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Young people are defying the government’s lockdown rules to stay outdoors because of overcrowding at home and boredom, according to research carried out in one of London’s most deprived areas.
Many of the young people were seen to be “clearly hungry” and in need of food, with those from low-income households especially affected.
Volunteers from the youth charity Connect Stars spoke to 130 people aged between 13 and 24 across the north-west London borough of Brent who were not adhering to social distancing rules.
They found that the majority of those questioned said they were not staying indoors because they were living in overcrowded homes, or because they were bored or suffering from a lack of physical activity.
One young person told volunteers they were “just looking for an escape from my family”, while another complained they were “out with friends because there is nothing to do at home”.
This was particularly the case with young people who do not have access to facilities that are normally affordable for those with wealthier backgrounds, said local anti-gangs worker Zaffar Van Kalwala, who supported the project.
“Brent is in the top 1% of the country’s most deprived places,” said the former local councillor. “People here are living in overcrowded homes in built-up areas.
“Young people might not have access to wi-fi or laptops. They’re aware of the lockdown but they’re also oblivious to it.“
When volunteers advised them to go back indoors and observe social distancing, many of them merely “shrugged their shoulders”.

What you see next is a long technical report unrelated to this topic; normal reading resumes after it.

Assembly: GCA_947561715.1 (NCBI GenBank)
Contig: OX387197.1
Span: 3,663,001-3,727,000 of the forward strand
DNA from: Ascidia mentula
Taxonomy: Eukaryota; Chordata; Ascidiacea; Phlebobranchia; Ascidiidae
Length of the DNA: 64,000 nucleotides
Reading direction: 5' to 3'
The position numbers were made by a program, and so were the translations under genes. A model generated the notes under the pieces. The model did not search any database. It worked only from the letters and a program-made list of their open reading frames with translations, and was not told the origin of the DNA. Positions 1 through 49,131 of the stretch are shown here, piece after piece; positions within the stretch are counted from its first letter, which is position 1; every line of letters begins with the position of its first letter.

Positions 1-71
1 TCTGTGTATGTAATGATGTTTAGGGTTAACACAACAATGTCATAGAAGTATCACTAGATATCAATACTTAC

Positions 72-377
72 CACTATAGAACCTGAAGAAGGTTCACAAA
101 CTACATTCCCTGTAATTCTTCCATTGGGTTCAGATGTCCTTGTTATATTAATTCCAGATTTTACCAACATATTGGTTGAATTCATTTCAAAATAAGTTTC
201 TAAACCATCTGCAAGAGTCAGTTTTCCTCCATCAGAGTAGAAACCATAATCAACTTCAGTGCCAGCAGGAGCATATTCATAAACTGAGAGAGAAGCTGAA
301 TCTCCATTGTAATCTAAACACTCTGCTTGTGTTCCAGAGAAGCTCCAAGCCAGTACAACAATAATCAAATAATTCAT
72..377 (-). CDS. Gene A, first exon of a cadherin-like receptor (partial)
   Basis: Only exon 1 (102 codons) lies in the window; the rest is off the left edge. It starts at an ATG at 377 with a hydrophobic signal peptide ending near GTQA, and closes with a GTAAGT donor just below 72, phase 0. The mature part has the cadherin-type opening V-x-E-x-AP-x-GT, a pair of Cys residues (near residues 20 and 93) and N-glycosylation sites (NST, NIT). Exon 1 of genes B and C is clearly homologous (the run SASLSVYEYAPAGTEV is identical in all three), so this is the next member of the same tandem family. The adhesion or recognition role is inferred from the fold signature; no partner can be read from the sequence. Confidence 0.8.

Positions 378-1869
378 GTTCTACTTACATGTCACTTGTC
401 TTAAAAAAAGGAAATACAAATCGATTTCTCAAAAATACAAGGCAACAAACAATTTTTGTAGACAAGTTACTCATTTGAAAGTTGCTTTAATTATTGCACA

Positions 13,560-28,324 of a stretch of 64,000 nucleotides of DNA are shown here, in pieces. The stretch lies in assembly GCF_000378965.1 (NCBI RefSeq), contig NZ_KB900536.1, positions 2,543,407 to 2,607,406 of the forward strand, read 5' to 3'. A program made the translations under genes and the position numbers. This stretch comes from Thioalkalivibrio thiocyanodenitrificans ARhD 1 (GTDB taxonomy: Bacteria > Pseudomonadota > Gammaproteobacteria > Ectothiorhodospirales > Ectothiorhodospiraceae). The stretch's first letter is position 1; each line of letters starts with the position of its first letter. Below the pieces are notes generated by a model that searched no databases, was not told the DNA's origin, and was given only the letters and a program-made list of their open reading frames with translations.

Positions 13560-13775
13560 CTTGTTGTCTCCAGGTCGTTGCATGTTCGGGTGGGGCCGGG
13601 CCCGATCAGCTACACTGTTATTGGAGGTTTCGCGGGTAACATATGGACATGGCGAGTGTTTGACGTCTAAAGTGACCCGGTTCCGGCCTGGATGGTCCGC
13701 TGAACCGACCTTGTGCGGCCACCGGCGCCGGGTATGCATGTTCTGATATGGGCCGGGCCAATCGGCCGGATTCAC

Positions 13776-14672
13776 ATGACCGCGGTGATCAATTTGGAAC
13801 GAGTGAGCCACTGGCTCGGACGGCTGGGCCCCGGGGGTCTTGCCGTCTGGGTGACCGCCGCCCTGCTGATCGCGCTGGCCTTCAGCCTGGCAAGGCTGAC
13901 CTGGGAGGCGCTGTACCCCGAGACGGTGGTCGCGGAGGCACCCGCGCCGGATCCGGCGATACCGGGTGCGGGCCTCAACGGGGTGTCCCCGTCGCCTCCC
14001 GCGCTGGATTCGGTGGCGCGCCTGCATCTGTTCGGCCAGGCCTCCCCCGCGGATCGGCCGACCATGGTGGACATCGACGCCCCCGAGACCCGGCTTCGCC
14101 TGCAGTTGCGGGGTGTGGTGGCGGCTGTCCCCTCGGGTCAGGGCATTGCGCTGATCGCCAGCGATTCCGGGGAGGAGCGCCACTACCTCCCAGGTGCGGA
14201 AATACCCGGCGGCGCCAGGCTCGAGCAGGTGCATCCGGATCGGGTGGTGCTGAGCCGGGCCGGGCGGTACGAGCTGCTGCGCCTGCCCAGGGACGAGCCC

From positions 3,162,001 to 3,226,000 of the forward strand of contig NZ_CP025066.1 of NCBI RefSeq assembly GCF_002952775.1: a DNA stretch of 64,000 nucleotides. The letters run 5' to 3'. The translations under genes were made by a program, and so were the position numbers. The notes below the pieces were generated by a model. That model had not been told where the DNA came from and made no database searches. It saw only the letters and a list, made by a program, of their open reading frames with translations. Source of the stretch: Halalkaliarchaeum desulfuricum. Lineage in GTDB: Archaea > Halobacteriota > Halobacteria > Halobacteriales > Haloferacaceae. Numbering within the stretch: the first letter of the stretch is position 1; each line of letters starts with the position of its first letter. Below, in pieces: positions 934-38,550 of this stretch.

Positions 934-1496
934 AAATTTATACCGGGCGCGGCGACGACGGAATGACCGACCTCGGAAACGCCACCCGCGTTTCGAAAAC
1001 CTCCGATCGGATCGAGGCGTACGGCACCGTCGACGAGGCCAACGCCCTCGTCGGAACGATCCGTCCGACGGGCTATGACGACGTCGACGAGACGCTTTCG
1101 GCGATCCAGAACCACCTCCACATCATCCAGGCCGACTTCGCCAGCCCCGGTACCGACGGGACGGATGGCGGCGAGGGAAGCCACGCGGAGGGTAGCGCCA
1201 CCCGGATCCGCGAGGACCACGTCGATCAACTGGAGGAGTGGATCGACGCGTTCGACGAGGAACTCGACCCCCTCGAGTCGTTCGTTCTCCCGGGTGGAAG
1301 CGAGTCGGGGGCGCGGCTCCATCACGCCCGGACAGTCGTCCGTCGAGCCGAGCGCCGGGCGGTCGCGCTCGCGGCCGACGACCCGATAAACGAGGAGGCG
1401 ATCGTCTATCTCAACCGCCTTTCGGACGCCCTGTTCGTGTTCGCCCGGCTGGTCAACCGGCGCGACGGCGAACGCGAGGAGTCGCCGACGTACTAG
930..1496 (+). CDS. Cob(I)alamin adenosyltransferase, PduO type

“They feel helpless in their situation,” Van Kalwala told HuffPost UK.
The study also showed that conditions have been worsening for these young people since the coronavirus outbreak, with 43% saying they needed more financial support either through vouchers or food drops.
“The lockdown has affected the incomes of a lot of households,” said Van Kalwala.
“A lot of the young people we saw are not getting basic food and are clearly hungry.
“Normally they would go to school and eat. Now they don’t have that – their families don’t have the budget to feed them.”
With over third of its households living in poverty, Brent is one of London’s poorest boroughs, according to a 2019 Trust for London study.
It has also been one of England’s most affected areas in the pandemic. As of Thursday, there are 1,423 confirmed cases and 417 coronavirus-related deaths up to May 1.
Steven, 15, from Stonebridge told volunteers that he had gone to the park to “get some fresh air”.
“A family member caught the coronavirus so six of my cousins moved into our two-bedroom flat, which meant there are nine of us in the property,” he said.
With so many young people outdoors with little or nothing to do, there is also the increased risk that they might fall prey to local gangs.
On Friday afternoon, Brent Police issued a Section 60, which gives officers the power to stop and search a person without reasonable grounds. Van Kalwala said this was “mostly due to gangs and drugs”.
“Gangs are still active and they are still recruiting,” he said. “We can still see them going around.”
“Young people are even more bored, they don’t have access to income – they are more susceptible to being picked up by gangs.“
On Sunday it was revealed that young men are more likely than young women to break lockdown rules, according to research by psychologists from the University of Sheffield.
The study, which surveyed 2,000 13- to 24-year-olds, found that half the men aged between 19 and 24 had met friends or family members they did not live with during lockdown, compared to a quarter of women of the same age.